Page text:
But all the time we are walking through the station, Sharon is explaining variables and protocols to me, indicating which way to turn or where to get off the elevator. I realize, although I don’t think of the word until later, that she is conducting me. Some things she points out are obvious, others fascinatingly mundane, but they all seem designed to make me understand better, remember easier, be safer. My suspicions that Sharon is on her best behavior for me fade; this compassionate professionalism, I decide, like her abiding faith in the company, is just a part of who she is, and what makes her so good at her job. Metro-North retains 800 conductors to pay attention to what most of us won’t, to keep the trains running on time, but it can’t pay them to care any more than we do. The public face of the company, if there is one, is a remote-controlled robot named Metro-Man, who teaches school children about railroad safety by playing videos and leading conga lines and who, according to the MTA public affairs office, “interacts with everyone on a very human level.” I remind myself that I’m spending the day with Sharon, not that trainwoman who sounded only half-kidding when she told me she’d have to start charging me ten dollars per question, or the one who told me when I said I’d like to speak to a conductor that “this one’s much too busy” and scuttled away clicking his ticket punch—and that, even for a good company, this service is exceptional.

We leave the sixth floor on one of the working elevators, talking about peanut butter. Two burly men get on at five, and she motions to me not to get off. We go down again and the elevator stops at two. “Two,” she murmurs to nobody in particular. “This is becoming a local.”

On track 105, loading the 2.07 back to New Haven, Sharon answers 24 questions about where the train stops and does not stop before I lose count. She does so cordially and patiently, firmly when necessary. “You have a question asked to you so many times that you don’t want to make the person feel like a moron. You just let it go,” she says. “If I was in Japan, I would not know how to get from one stop to another either. I mean, put me on a Long Island train, I wouldn’t know where the hell I was going. I understand. My heart goes out to these people.” At one point she smiles and waves to a woman passing by. She follows the woman with her eyes, and whispers to me, “That’s the lady I told you about, with the chemotherapy.”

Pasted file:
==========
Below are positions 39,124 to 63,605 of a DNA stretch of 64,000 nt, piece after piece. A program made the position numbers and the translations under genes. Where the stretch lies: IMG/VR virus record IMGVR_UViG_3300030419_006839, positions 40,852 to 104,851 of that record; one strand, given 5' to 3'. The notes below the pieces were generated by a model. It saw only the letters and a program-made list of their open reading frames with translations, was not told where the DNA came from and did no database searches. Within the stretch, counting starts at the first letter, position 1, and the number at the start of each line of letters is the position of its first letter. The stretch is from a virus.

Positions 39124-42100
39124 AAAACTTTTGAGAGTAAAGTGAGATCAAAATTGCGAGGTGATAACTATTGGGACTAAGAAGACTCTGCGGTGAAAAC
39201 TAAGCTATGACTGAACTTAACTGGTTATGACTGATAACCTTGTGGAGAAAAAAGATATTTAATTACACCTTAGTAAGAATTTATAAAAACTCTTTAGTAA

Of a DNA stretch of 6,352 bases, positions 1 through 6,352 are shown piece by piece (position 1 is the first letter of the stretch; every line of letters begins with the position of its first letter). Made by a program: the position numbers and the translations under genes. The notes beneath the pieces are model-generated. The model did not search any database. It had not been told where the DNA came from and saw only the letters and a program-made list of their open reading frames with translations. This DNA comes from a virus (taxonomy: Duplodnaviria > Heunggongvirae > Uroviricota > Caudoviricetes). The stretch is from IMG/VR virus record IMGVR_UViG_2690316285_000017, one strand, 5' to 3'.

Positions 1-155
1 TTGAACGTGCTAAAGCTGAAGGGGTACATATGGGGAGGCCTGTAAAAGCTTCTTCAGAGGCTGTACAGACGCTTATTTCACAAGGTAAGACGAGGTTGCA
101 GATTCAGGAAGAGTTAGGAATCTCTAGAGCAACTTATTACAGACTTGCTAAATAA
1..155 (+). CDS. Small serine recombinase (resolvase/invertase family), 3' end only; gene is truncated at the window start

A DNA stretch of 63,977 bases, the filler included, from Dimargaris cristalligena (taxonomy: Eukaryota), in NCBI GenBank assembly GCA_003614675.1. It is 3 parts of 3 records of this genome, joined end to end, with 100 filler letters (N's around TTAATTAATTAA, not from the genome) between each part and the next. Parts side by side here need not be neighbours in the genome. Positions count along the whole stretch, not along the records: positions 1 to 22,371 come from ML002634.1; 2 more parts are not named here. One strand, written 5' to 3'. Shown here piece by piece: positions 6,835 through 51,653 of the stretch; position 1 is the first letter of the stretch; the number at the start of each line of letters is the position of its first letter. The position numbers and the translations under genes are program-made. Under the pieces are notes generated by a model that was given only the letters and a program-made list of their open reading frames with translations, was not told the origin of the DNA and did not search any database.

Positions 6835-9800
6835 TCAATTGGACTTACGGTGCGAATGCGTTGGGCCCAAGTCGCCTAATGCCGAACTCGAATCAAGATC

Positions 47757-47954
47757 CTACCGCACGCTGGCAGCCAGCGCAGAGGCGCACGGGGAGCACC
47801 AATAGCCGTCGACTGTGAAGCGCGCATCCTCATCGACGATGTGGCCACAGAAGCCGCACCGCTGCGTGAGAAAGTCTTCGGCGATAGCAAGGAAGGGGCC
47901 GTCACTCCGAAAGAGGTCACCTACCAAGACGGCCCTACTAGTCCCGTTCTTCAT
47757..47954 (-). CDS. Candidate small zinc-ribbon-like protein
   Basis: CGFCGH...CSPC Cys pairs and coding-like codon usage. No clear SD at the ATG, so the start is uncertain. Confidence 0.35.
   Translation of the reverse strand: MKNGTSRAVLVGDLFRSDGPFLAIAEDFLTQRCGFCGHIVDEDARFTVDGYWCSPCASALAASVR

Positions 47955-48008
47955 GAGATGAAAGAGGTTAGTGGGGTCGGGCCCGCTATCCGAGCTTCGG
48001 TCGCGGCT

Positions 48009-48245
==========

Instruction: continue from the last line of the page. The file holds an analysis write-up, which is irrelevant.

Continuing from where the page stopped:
Sharon works the middle three cars on this train; a young man named Chris works the front, and Annie, the head conductor, stays at the back. Annie is picking her teeth with a seat check when I enter her compartment; she motions to me to sit down, disappears into the conductor’s booth, and rattles off our stops—Harlem-125th Street, Stamford, Noroton Heights, Darien, Rowayton, South Norwalk, East Norwalk, Westport, Green’s Farms, Southport, Fairfield, Bridgeport, Stratford, Milford, New Haven—over the PA. Before we leave Grand Central, a door somewhere doesn’t close all the way. “We need new trains,” says someone behind me. “When I’m dead,” Annie replies, hustling off.

The 2.07 is sparse and smooth, and lacks the Monday-morning charge of Sharon’s earlier trains. The back car is mostly filled with off-duty Metro-North employees, including a sober-looking trainman named Jamie, who wears a denim collar shirt with a Taz logo and “hot head” sewn under the breast pocket, and peers at me over the top of a book about Attention Deficit Disorder. Like Sharon, Jamie tells me more than I would have thought to ask about the railroad: that the New Haven line switches between alternating and direct current at Pelham, or that conductors have to wear digital watches synchronized to the second with Grand Central time. He says Metro-North is a phenomenal company to work for, and that like any other job it’s about keeping customers happy—although, he admits, in this case “they’re stuck with you.”